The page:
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<%-- Volume Number --%> Vol 1 Num 149 <%-- End Volume Number --%>

April 9 , 2004

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Can We Get More
“Computer Savvy"?

Imran H. Khan

Imagine a world without computers, without the use of any form of computer aided utility, devoid of all modern amenities that need the computer. A world without computer in this millennium is like the 60's without the Beatles. Simply unthinkable. Computer technology has hit the world by storm, changing lifestyles and revolutionising the concept problem-solving. In this globalised Internet oriented world where do we stand?

While the IT revolution has been quite slow to progress in Bangladesh, there are visible signs that computers are changing the way people live. Nasser Akhtar, 27, who drives a yellow cab for his living has recently installed a CD ROM drive in his car. Instead of putting in a CD player, which would probably cost him Tk.9000, he has connected this cheap computer accessory and it totally serves his purpose. "The CD track sometimes skid but I have put in some cloth and gauze around the player to minimise it from shaking. It's not only cheap but I also have a year's warranty on the CD ROM driver," he says with a grin.

Computer technology has become a familiar convenience for urbanites especially. Afsana Afroze, Chairman of Businesslink Computers Ltd, has been in the computer industry since 1996 and recalls the time when the computer industry was still a toddler. "The best thing about those times was the fact that most of the people had very little knowledge about computers. Some people even thought that a computer consisted of a monitor and a keyboard, to write into that monitor. They had no idea as to what a CPU (Central Processing Unit) was. They had no knowledge about the hardware components and software in the computers," she says. "We could sell them the top of the line and that would be enough to satisfy them, even though they sometimes had no idea what they were buying. This was just about five to seven years back. Customers were limited and choosy; most people did not want to invest in something that was still considered a luxury.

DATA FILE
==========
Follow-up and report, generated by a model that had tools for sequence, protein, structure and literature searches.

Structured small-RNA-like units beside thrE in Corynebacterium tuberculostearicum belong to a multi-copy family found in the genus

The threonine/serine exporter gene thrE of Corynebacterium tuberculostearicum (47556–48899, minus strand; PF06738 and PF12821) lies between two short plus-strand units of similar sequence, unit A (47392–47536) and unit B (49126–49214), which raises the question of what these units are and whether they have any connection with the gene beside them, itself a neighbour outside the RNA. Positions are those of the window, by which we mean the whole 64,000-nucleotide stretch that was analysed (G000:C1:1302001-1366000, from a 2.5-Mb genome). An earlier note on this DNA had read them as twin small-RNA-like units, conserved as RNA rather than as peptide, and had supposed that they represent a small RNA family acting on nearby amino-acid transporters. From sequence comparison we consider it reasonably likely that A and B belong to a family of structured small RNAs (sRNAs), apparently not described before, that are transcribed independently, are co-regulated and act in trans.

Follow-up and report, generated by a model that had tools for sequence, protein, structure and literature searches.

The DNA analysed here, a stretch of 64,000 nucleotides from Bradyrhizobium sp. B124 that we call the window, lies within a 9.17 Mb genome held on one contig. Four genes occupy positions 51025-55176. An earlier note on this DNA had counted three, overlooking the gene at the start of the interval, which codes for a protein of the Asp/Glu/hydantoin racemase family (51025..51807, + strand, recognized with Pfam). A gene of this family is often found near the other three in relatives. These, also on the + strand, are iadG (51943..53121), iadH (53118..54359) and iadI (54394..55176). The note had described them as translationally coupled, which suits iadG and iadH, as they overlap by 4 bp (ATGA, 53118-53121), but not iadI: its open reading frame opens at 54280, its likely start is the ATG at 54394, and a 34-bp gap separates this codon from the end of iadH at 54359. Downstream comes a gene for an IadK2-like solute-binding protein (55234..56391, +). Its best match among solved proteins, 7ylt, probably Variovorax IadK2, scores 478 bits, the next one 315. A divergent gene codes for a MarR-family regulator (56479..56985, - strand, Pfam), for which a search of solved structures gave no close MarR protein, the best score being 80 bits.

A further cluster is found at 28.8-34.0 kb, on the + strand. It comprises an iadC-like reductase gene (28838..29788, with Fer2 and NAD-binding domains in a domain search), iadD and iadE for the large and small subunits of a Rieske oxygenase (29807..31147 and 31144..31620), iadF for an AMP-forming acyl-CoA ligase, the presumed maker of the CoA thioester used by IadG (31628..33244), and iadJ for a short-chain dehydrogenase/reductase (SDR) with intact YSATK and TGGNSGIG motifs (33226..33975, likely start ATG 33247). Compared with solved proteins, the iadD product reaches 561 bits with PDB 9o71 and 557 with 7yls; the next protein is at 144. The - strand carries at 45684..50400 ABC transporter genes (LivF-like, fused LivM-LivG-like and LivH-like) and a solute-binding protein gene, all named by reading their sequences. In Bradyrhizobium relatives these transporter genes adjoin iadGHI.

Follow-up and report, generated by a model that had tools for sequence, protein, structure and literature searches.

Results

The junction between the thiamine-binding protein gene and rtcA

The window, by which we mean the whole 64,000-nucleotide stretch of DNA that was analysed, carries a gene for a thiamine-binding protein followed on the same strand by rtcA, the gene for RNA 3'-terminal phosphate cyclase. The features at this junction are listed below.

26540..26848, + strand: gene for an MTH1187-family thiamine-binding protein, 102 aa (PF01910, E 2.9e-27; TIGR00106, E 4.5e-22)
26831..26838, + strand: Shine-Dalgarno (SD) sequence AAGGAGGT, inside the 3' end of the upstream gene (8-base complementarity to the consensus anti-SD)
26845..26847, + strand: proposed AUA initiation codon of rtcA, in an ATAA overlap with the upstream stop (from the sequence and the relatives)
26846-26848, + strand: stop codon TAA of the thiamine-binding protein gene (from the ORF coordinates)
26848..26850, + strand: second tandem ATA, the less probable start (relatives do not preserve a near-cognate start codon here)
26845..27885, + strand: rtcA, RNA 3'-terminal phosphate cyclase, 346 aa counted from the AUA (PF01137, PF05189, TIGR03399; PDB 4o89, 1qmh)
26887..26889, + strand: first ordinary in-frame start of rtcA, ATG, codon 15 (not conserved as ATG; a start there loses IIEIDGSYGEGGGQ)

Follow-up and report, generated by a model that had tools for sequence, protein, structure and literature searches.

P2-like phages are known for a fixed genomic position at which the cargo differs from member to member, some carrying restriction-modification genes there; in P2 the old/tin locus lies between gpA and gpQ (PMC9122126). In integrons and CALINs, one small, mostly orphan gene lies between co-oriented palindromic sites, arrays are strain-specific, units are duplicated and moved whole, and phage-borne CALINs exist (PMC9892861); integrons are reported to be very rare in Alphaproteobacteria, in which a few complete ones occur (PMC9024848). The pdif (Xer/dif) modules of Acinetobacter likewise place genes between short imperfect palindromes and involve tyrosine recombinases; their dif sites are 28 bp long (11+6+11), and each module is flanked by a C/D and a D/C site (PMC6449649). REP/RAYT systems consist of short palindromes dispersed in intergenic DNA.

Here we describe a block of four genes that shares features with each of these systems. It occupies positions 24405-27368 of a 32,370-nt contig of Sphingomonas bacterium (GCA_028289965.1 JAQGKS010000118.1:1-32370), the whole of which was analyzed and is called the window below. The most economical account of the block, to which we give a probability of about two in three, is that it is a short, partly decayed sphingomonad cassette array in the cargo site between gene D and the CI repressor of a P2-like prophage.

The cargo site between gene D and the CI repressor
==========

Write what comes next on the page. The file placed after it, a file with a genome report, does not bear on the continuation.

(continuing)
Now the scenario is quite different with plenty of customers and there is no fooling them. They always do their homework before coming to purchase a Personal Computer (PC) and have ample idea about all the software available and the hardware necessary to support them. The common customers give the entire configuration of the computer of their desire starting from the processor, motherboard and ram (Random Access Memory), to the graphics card, hard disk and multimedia. Some of them even specify what sort of operating systems they want and all the relevant software and windows applications. "There is no longer the desire to buy something that is the latest in line and expensive. They simply buy something they know that will serve their purpose," says Afroze. Before, consumers would buy a complete PC package for about Tk.50,000 but now, they easily make do with something that's half the price. Even though this can sometimes be a little bit on the downside for computer vendors, they are still happy to see the interest that has sparked among most people regarding their PC.

One curious aspect of being in touch with the current technology is how the customers use computer hardware for other purposes. Since 'necessity is the mother of invention', the necessity of owning a television can be seen when some people buy monitors, a TV card and speakers and voila, your own television set. When the person later has some money to buy a CPU (Central Processing Unit), he may do so and then have the full capability of owning a computer but meanwhile, he can enjoy the comfort of the television. In Dhaka stadium, computer items are in high demand, especially from people Old Dhaka. "There are people who come to us and buy CPUs and CDROM drives. They then put it together along with a set of speakers and they have a nice CD system. It's convenient and much, much cheaper," she says.